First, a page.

There were also some peculiar spelling errors:

"MBTA officials"

“MBTA officials”



A potentially more serious problem was that at one point, Tesseract “misread” an article and aligned the text of another article in the middle of my sample:

The Original

The Original

The (Incorrect) Transcription

The (Incorrect) Transcription

Nevertheless, I completed the transcription myself. Pretending that this would one day actually be used by historians, I rearranged the transcription into a more compact format, added the missing bits, and corrected spelling errors.

The Final Copy

The Final Copy

My results using OCR were mixed, but overall, it does expedite the process of transcription, and its errors can fairly easily be accounted for by a simple review. Frederick Gibbs and Trevor Owens have argued in their essay The Hermeneutics of Data and Historical Writing that descriptions of the methods of the digital humanities needs to be included in the historical literature, so that potential inaccuracies may be spotted. As far as this very limited example, OCR, is concerned, I am not convinced of the need for historians to explicate the fact that they used digitally transcribed sources and the process this method of transcription entails, so long as the transcriptions are diligently checked for accuracy. What might be needed more so in this case is simply for the “bugs” of the software to be corrected; since software is not something static (there are many versions and updates), it seems like OCR has the potential to develop into a very powerful tool.


Communicating Data: Visualizations

One of the strongest features recommending data visualization is the opportunity for effectively streamlining communication based on the immediacy and intuitive nature of our sense of sight. In the tradition of “a picture is worth a thousand words” is the acknowledgment that the information we absorb visually can be far more efficiently presented than purely with text or numbers. This is evident in mapping networks of actors, where the influence of each defined in physical space draws out an automatic reaction. Shin-Kap Han’s analysis of Paul Revere’s ride and mobilization not only revealed the unique placement of Revere and Warren in the network of revolutionary actors, as well as a visual scope of their influence, but also served to communicate the basis for a “critical corrective” regarding the incentives of brokerage.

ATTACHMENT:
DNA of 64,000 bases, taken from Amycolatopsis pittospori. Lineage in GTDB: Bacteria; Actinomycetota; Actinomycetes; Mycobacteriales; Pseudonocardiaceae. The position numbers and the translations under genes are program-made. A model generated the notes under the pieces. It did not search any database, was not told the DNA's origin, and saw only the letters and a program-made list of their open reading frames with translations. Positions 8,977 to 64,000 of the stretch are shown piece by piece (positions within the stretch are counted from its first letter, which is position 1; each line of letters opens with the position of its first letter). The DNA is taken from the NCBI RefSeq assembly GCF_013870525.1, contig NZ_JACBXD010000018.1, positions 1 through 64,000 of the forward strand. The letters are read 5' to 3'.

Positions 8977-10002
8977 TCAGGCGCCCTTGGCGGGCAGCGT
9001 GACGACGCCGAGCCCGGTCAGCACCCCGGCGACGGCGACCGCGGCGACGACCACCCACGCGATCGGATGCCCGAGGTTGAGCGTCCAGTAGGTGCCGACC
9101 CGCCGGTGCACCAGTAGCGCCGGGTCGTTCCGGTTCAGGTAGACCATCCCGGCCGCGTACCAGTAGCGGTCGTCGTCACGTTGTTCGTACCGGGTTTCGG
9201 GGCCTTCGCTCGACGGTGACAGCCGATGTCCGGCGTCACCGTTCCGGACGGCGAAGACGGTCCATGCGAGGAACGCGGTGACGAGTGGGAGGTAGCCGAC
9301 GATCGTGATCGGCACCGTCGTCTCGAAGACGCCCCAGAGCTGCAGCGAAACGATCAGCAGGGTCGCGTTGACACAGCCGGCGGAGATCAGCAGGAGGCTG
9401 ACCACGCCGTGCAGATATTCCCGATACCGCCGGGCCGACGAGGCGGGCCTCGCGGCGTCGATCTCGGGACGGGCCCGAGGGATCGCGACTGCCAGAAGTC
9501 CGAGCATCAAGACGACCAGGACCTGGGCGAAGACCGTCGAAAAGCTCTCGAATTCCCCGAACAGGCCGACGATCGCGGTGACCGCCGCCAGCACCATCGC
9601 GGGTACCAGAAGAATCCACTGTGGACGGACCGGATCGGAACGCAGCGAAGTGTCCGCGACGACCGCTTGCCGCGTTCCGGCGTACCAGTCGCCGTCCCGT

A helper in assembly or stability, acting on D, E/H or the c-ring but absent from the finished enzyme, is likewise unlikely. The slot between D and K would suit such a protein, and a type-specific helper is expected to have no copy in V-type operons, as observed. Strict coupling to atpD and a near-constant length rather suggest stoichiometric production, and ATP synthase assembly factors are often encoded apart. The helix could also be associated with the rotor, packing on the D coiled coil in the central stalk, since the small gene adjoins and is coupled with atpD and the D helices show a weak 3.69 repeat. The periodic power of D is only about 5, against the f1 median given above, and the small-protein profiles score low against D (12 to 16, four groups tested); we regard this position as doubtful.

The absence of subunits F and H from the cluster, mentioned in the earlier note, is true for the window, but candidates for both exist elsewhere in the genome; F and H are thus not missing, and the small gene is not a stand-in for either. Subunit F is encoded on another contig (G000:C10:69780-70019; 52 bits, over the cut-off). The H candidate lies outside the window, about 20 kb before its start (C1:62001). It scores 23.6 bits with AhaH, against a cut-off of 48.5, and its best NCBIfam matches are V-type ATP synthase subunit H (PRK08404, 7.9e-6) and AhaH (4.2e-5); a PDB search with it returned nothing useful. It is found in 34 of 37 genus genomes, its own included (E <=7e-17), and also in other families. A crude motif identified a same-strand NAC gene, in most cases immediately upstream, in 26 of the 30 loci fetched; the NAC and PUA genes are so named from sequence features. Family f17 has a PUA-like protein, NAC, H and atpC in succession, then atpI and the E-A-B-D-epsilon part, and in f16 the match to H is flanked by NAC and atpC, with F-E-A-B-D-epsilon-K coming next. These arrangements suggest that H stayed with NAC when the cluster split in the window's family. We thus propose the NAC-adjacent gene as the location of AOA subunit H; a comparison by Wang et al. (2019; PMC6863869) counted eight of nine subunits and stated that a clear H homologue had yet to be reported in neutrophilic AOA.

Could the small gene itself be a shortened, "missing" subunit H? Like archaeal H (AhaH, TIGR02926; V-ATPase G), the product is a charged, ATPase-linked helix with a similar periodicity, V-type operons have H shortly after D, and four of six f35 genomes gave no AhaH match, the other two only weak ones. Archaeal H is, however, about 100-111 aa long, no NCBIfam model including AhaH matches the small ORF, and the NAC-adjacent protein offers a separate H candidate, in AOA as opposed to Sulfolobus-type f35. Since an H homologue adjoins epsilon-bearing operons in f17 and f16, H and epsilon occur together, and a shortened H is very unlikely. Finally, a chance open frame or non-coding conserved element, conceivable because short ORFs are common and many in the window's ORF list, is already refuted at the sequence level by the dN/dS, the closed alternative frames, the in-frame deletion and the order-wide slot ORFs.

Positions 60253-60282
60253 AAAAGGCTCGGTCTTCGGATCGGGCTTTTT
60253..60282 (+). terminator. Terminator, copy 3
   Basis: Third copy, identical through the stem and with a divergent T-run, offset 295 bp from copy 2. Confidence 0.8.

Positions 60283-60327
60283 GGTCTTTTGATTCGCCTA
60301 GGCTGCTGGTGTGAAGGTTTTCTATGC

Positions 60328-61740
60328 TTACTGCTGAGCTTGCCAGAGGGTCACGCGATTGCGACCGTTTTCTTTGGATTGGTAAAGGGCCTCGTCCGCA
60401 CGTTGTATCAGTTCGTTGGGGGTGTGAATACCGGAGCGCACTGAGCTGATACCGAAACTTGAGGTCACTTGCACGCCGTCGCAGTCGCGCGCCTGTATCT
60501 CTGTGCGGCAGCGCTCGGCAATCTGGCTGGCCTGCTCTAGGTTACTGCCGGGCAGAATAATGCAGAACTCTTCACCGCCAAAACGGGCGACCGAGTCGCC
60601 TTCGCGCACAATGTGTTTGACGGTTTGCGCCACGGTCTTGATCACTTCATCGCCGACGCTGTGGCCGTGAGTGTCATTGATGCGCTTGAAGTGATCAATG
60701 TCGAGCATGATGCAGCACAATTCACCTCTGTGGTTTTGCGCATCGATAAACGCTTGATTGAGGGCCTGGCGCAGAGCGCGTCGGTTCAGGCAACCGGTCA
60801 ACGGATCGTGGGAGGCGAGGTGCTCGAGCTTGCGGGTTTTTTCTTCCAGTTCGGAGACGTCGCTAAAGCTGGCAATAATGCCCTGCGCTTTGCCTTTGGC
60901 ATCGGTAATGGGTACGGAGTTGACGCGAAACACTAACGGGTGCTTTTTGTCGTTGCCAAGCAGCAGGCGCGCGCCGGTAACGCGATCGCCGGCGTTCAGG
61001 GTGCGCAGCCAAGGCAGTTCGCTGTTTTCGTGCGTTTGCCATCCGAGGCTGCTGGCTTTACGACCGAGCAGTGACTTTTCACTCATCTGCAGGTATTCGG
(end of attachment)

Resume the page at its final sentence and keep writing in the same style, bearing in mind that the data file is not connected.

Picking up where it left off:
In a fortuitously timely conversation I had with a close friend and graphic designer, I was directed to the one of the earliest influential incarnations of deliberately designed graphic representations of information. Charles Joseph Minard released this depiction of Napoleon’s invasion of Russia (1812) in 1861:

This notorious military failure is given a shape that is more directly communicative than numbers, and simultaneously tracks multiple variables (direction, temperature, location) in a single presentation. The representation, done without the aid of technology available today, still compresses a significant amount of information mapping the relative influence of multiple factors on Napoleon’s army. The visual representation of the army’s decimation has a more immediate effect and comprehensive scope than a straight recounting of losses and environmental conditions.

Clearly there are ways in which these representations are then subject to manipulations and generate different conclusions due to the variability of interpretation. Caroline Winterer mentions geographic illusions that come up in mapping the correspondence of both Franklin and Voltaire: “depending on how we interpret the maps, we can call Franklin either more peripheral than Voltaire to the republic of letters (since much of his activity emerged from the colonial periphery), or more worldly than Voltaire (since his network reached across the Atlantic)” (Winterer, 611).The near instantaneously communication of the map plots do not contribute to forming an interpretation in either direction. It is still up to the scholar to understand the nature and content of these letters, or to adopt a perspective from which to derive insight from the newly visualized data.